The Presidential Daily Brief


  1. Heart Attack Kills Inmate After Botched U.S. Execution

    An Oklahoma inmate has died following an abandoned execution attempt. Clayton Lockett, 38, was declared unconscious 10 minutes after he was injected with the first drug of a new cocktail, but was writhing at 16 minutes. Although the execution was halted, Lockett died of an apparent heart attack within the hour. States are struggling to find effective execution drugs as European manufacturers refuse to supply the traditional ones. The incident — which coincides with a study suggesting as many as four percent of those on death row may be innocent — is sure to reignite controversy over the death penalty.

    Sources: CNNAPReutersCBSThe Guardian

  2. China Looks Set to Pass U.S. as World’s Largest Economy This Year

    The U.S. is about to lose its place as the world’s largest economy — a position held since 1872. Economists predicted China would take the lead in 2019, but research by the International Comparison Program into what money can buy in emerging markets reveals otherwise. The ICP suggests that while the U.S. was still ahead in 2011, China followed close behind when estimates of the real cost of living were taken into account. With the IMF estimating that China’s economy has grown 24 percent since 2011, compared to just 7.6 percent growth for the U.S., China is poised to pull ahead this year.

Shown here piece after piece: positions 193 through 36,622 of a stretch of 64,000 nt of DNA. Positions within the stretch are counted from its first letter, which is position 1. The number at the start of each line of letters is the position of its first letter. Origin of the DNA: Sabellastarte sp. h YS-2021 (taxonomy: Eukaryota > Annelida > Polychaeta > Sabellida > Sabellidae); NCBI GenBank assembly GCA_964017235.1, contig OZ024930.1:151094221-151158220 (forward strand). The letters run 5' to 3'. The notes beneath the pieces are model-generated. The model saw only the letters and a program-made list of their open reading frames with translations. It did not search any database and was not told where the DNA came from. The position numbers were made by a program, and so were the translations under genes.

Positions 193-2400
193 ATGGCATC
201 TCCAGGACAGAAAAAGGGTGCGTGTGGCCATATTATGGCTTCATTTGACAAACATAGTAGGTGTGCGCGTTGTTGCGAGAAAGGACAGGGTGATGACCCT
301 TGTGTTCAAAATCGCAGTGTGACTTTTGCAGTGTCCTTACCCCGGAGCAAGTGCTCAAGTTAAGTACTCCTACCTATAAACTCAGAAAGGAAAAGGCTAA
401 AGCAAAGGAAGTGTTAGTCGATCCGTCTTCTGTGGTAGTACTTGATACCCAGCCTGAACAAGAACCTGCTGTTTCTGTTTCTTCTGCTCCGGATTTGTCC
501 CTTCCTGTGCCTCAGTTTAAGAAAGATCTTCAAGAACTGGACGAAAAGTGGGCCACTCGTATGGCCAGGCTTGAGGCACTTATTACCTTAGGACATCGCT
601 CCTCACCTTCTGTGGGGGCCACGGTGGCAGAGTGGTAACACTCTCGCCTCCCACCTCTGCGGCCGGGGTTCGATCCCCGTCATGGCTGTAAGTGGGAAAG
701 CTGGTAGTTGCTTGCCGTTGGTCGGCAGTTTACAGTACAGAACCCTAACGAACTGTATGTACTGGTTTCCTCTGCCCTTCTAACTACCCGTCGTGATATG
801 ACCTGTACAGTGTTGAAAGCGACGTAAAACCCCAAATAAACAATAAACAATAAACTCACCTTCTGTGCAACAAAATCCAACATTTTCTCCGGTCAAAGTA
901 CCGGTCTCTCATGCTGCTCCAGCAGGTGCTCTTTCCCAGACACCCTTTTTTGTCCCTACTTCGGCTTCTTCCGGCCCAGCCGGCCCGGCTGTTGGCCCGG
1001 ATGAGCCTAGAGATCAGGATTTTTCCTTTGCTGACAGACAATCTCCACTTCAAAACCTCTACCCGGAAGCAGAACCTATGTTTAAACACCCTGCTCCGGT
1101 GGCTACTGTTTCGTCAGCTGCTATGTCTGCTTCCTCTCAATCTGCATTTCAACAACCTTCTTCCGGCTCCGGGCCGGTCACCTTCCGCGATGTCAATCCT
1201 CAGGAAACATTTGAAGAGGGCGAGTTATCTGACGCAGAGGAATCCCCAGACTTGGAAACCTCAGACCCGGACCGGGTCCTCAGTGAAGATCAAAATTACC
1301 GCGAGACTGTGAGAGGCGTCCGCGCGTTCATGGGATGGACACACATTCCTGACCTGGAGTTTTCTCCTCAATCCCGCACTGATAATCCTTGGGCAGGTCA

Source: FT (sub)

  3. Ukraine Separatists Seize More Ground as Police Stand By

    Pro-Russian separatists stormed the regional government headquarters in Luhansk yesterday as control of eastern Ukraine slipped further from Kiev’s grasp. Police who were supposed to be guarding the building let people inside — a failure to act that is becoming increasingly common. The separatist leader responsible for captured European OSCE observers reported progress in negotiations to free the hostages. U.S. Secretary of State John Kerry, meanwhile, urged Russia to “leave Ukraine in peace,” warning that bordering NATO countries would be defended if necessary.

    Sources: APNYTDWBBCReutersThe Guardian

  4. Players Praise NBA’s Lifetime Ban For Sterling

    The NBA called time yesterday on Los Angeles Clippers owner Donald Sterling, banning him for life for racist remarks. In doing so, NBA Commissioner Adam Silver may have saved both the day and the game. “All of our players felt like boycotting the games,” National Basketball Players Association vice president Roger Mason Jr. said, referring to the playoffs. But prompt action by the NBA was applauded by players, coaches and fans. Sterling has reportedly said he will not sell the team, but Silver has vowed to do everything in his power to force the sale.

    Sources: ESPNYahoo!TMZNYTNPR


  1. Study Finds Those With Easier Names Seem More Truthful